The building company behind the North Beach Bathers' Pavilion refurbishment and the upcoming Crown Street Mall works has won a NSW Supreme Court case against a subcontractor that claimed it should have receive a "progress payment" for extra earthworks it carried out as part of the bathers' pavilion project.
Lahey Constructions hired Campbelltown-based firm Trident Civil Contracting in April last year to carry out earthworks at the site, the two companies agreeing to a lump sum payment of $591,831 for the work.
However, Trident claimed it was asked to complete more earthworks during excavation for the site's retaining wall than originally agreed upon, and believed Lahey should pay an instalment of $71,000 for the work.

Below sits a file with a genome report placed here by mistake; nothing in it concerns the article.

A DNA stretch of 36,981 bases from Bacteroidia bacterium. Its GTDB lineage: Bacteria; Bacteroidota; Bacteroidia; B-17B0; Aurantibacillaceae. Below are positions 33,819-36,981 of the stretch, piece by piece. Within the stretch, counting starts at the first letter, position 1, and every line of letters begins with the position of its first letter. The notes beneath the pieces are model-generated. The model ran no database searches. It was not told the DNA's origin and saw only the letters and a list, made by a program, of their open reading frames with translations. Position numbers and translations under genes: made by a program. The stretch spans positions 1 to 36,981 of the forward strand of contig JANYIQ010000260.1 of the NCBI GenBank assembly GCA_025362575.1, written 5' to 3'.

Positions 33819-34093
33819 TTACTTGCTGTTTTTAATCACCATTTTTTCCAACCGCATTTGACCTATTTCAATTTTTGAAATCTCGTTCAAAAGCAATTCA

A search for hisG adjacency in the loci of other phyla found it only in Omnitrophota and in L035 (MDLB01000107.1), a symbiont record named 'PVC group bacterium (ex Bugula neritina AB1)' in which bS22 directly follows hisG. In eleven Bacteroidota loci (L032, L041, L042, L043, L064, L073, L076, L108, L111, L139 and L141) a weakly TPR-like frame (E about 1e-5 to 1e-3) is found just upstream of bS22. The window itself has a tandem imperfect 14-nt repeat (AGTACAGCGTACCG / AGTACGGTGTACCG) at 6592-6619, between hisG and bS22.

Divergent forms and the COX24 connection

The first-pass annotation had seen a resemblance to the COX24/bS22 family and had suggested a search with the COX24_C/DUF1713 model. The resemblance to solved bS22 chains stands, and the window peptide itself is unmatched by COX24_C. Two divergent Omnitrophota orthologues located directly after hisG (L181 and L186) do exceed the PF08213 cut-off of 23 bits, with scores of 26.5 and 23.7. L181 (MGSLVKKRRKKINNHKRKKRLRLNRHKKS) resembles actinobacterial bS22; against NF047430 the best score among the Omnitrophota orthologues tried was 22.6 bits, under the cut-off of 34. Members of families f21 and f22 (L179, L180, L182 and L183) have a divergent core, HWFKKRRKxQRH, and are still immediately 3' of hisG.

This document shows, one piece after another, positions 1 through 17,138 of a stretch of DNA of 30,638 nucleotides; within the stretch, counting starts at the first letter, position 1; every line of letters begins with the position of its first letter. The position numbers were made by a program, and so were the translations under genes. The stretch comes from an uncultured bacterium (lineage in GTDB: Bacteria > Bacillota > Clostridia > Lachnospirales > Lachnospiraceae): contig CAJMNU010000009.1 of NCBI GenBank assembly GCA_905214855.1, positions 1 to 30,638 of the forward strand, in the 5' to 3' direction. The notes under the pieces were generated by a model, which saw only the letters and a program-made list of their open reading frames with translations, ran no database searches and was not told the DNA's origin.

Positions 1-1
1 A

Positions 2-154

Lahey contested the payment, saying Trident had not complied with the conditions in its contract that dealt with such variations and, therefore, wasn't entitled to seek early payment of the funds.
An adjudicator was brought in to settle the dispute. However, when he determined in favour of Trident, Lahey lodged an appeal in the Supreme Court.
At the conclusion of the two-day hearing, Justice James Stevenson declared the adjudicator's decision void after determining he had failed to take into account the terms of the contract between Lahey and Trident.
Lahey finished refurbishing the 75-year-old bathers' pavilion in September.
Lahey was last month awarded an $11.5 million contract for the Crown Street Mall upgrade.